Dormant tumor cells are known to possess characteristics of CSCs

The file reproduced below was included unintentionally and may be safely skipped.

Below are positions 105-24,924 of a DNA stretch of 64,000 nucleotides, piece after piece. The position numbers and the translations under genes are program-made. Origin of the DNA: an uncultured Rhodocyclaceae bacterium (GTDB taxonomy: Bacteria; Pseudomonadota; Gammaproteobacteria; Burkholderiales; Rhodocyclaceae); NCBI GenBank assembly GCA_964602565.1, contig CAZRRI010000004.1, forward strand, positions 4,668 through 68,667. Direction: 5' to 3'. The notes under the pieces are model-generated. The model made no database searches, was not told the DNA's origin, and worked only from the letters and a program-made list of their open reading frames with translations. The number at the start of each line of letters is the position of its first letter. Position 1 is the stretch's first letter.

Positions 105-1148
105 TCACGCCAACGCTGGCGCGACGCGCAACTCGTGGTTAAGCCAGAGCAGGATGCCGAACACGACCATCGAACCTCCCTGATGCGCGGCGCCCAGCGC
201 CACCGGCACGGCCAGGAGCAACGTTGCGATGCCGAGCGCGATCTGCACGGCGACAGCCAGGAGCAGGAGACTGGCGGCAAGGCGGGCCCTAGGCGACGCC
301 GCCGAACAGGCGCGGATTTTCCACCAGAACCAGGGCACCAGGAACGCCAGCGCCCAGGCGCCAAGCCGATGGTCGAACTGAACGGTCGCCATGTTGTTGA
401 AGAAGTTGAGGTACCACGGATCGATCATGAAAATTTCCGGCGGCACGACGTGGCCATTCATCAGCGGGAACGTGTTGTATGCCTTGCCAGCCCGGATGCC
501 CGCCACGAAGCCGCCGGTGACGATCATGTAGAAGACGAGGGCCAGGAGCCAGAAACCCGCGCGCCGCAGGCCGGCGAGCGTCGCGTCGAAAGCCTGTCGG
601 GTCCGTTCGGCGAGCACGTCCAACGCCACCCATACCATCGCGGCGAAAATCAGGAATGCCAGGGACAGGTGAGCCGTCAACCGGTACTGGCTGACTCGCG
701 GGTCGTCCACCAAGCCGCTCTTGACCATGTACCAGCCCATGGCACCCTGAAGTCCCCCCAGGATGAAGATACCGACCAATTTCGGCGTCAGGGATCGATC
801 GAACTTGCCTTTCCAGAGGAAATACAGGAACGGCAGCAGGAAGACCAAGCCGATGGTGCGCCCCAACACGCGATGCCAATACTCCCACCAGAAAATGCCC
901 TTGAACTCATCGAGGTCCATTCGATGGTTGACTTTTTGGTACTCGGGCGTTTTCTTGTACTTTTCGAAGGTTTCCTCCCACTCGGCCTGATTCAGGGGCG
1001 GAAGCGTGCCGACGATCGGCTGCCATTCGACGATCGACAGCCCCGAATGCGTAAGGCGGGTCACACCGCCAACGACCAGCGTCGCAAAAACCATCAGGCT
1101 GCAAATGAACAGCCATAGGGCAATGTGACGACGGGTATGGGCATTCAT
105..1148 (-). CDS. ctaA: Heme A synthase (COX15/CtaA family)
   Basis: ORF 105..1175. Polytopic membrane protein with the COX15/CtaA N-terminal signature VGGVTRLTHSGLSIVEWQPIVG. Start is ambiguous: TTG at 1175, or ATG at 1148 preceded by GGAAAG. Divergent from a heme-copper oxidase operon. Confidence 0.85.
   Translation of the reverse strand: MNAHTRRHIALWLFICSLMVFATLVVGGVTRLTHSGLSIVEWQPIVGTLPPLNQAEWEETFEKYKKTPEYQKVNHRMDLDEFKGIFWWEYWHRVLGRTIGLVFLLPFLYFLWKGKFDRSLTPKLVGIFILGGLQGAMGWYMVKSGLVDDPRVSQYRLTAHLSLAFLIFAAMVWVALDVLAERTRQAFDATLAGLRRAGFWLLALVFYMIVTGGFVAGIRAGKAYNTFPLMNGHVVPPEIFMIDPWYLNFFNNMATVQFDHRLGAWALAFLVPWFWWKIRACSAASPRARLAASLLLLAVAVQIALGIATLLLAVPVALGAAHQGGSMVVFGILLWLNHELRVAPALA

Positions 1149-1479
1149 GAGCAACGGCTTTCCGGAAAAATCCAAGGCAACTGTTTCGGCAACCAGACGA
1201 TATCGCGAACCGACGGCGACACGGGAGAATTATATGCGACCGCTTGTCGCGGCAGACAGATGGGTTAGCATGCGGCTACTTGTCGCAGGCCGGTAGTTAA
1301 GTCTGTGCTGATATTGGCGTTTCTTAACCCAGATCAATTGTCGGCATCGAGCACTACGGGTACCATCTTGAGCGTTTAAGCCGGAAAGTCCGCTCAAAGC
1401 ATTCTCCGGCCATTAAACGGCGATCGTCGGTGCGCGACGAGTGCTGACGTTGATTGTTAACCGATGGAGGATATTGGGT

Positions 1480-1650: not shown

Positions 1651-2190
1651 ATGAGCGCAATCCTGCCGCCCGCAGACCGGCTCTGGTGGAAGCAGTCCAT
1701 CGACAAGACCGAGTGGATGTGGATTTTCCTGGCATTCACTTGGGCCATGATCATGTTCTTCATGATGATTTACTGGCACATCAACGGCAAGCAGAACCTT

Dormant tumor cells are known to possess characteristics of CSCs. tyrosine kinase inhibitor lapatinib along with capecitabine or other Salvianolic acid C combinations of chemotherapy and anti-HER2 therapy.3 Other potential therapeutics Cyclin dependent kinase inhibitors Cell cycle dysregulation is one of the most Rabbit Polyclonal to GSDMC important hallmarks of cancer. Cyclin dependent kinase 4/6 (CDK 4/6) inhibitors are currently being investigated extensively. The CDK 4/6 acts by forming a complex with Cyclin D1 and phosphorylating retinoblastoma protein (Rb). The phosphorylation results in inactivation of Rb and allows cells to transition from the G1 phase into S phase of the cell cycle. The inhibitors act by preventing the interaction between Cyclin D1 and CDK 4/6, and thus blocking the entry from the G1 phase into S phase. Recently, Salvianolic acid C the FDA approved the use of CDK 4/6 inhibitor palbociclib in combination with letrozole for the treatment of postmenopausal women suffering from ER+/HER2-advanced metastatic breast cancer. Other CDK 4/6 inhibitors that have been developed are abemaciclib and LEE01. In the HER2 setting, palbociclib, either alone, or in combination with trastuzumab showed growth inhibitory effects on HER2+ cell lines. Currently, a phase II clinical trial Salvianolic acid C has been undertaken to assess the safety and efficacy of palbociclib and trastuzumab, with or without letrozole, in post-menopausal patients with HER2-positive locally advanced or metastatic breast cancer (MBC) who have received prior chemotherapy and trastuzumab for their metastatic disease.7 Immune checkpoint inhibitors Tumor antigens are recognized by T lymphocytes, which mediate an immune response against cancer cells. During this attack by T and other immune cells, the immune system enhances the activation of certain molecules known as checkpoints. Checkpoints prevent the immune reaction from damaging normal tissues in the body. Cancer cells are known to upregulate the expression of immune checkpoint molecules in order to escape the attack of the immune system. Such checkpoint molecules include cytotoxic T lymphocyteCassociated protein-4 (CTLA-4) and a co-inhibitory receptor called Programmed death 1 (PD-1), which is overexpressed on tumor-infiltrating lymphocytes (TILs). PD-L1 is the ligand for PD-1 and is overexpressed in various forms of cancer, including breast cancer. PD-1 expressing TILs are associated with poor overall survival in HER2+ breast cancer. Moreover, a positive correlation is observed between the expression of PD-L1 and anti PD-1 therapy. PD-1 inhibitors have shown promising results during the initial evaluation in triple negative breast cancer. Furthermore, Anti-PD1 antibodies showed encouraging results in HER2+ breast cancer during the preclinical studies, as synergistic effects were observed with Salvianolic acid C the combination of trastuzumab and anti-PD1 antibodies. Currently, a phase II clinical trial is being undertaken to assess the efficacy of using anti-PD-1 Salvianolic acid C monoclonal antibody and trastuzumab in patients with trastuzumab-resistant, HER2-positive metastatic breast cancers.8 Recent work by Mller et?al demonstrates that T-DM1 promotes the immune system. Despite primary resistance to immunotherapy, the combination of T-DM1 with anti CTLA-4 and anti PD-1 inhibitors renders HER2+ breast cancer susceptible to immune attack.9 Combining chemotherapy with immunotherapy would be an exciting strategy that needs to be thoroughly investigated. Drug resistance and cancer stem cell hypothesis Despite improved prognosis of the HER2 subtype of breast cancer due to the availability of targeted agents, drug resistance and tumor recurrence still remains a major concern. A fraction of patients are intrinsically resistant to drug treatment (drug resistance) whereas others acquire drug resistance over the course of treatment (acquired drug resistance). Reports indicate that breast cancer recurrence might occur up to 25 years after the treatment of primary tumor.10 Possible mechanisms for trastuzumab resistance include C overexpression of other HER family receptors, Insulin-like growth factor 1 receptor (IGF1R) upregulation, increased expression and activity of c-Met (mesenchymal-epithelial transition factor) receptor, overexpression of EphA2 receptor, overexpression of PDK1, increased activation of PI3K signaling pathway, increased Src activity, loss of tumor suppressor phosphatase and tensin homolog (PTEN), loss of p27kip1, increased expression of membrane associated glycoprotein MUC4, HER2 mutation(s) that alters the binding of trastuzumab to HER2, expression of amino-terminus truncated form of HER2-p95HER2 which sterically hinders the binding of HER2 and trastuzumab, expression of a splice variant that removes exon 16 in the extracellular domain of HER2 and rare incidence of antibody development against trastuzumab. Moreover, the inability of the host immune system to exhibit an antibody-dependent cell-mediated cytotoxicity (ADCC) response could contribute to resistance.11, 12, 13 Lapatinib resistance.